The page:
One man was caught on camera stealing a bag full of items in June from a local Walgreens as two people and a security guard stood by. Jason Cunningham, a regional vice president for the retail company, said last month the cost of business and shoplifting has led Walgreens to shut down 17 locations in San Francisco in the last five years, the San Francisco Chronicle reported.

In a related incident Monday night, a group of people robbed a Neiman Marcus store in what may have been an instance of organized retail crime. The perpetrators smashed display cases and stole items before fleeing the scene, video footage shows.

It may be no coincidence, then, that permissive policies passed by local Democrats in recent years turned the city into a Gothamesque hub for retail crime.

In 2014, voters approved a ballot measure known as Proposition 47 which reclassified nonviolent theft as a misdemeanor as long as the total value of goods stolen is less than $950. The move was backed by progressives but several retail executives, police officers and local officials have pointed to Prop 47 as an incentive for criminals.

The city’s Democratic District Attorney Chesa Boudin, who took office in January 2020, has similarly made decreasing penalties for nonviolent offenders a core part of his agenda. He has also worked to ban cash bail, reduce prison sentences and even said his office would not prosecute public urination in a city where improper waste disposal has been an issue for years.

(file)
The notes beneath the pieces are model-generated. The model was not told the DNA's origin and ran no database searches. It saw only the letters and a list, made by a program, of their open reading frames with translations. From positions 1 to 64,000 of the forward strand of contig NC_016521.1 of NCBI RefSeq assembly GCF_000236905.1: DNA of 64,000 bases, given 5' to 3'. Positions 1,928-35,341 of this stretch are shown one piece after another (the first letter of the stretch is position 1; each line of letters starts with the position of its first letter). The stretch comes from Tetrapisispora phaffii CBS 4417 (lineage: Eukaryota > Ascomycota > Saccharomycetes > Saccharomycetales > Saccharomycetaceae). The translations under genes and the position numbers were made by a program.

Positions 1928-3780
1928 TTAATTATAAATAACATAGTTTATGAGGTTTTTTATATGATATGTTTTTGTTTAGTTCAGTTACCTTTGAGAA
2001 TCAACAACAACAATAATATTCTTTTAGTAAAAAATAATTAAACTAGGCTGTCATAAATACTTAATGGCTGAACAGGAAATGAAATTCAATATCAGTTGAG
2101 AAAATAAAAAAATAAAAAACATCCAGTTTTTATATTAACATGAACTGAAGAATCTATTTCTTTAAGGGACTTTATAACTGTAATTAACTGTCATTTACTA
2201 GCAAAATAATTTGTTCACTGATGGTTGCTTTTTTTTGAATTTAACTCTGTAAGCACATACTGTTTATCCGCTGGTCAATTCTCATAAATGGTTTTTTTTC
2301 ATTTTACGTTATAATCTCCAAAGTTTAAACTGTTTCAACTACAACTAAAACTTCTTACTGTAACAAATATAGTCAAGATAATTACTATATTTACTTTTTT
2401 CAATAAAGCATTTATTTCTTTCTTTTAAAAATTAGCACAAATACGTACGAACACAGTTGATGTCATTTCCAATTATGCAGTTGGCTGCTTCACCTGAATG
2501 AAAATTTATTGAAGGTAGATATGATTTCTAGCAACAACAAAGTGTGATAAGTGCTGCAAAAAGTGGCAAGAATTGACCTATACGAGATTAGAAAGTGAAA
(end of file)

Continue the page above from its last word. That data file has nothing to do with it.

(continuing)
Boudin said in February 2020 that his office would no longer prosecute contraband charges that originated from minor traffic infractions. He also promised to stop using gang affiliation status in sentencing. He suggested, as other progressives have, that tougher crime laws are both exploitative and racist.

“Pretextual stops and sentencing enhancements based on who you know rather than what you did are relics of the tough-on-crime era that failed to make us safer,” Boudin said at the time. “Instead, they led to mass incarceration, targeted innocent black and brown drivers, and increased recidivism. They stand in the way of fairness and justice.”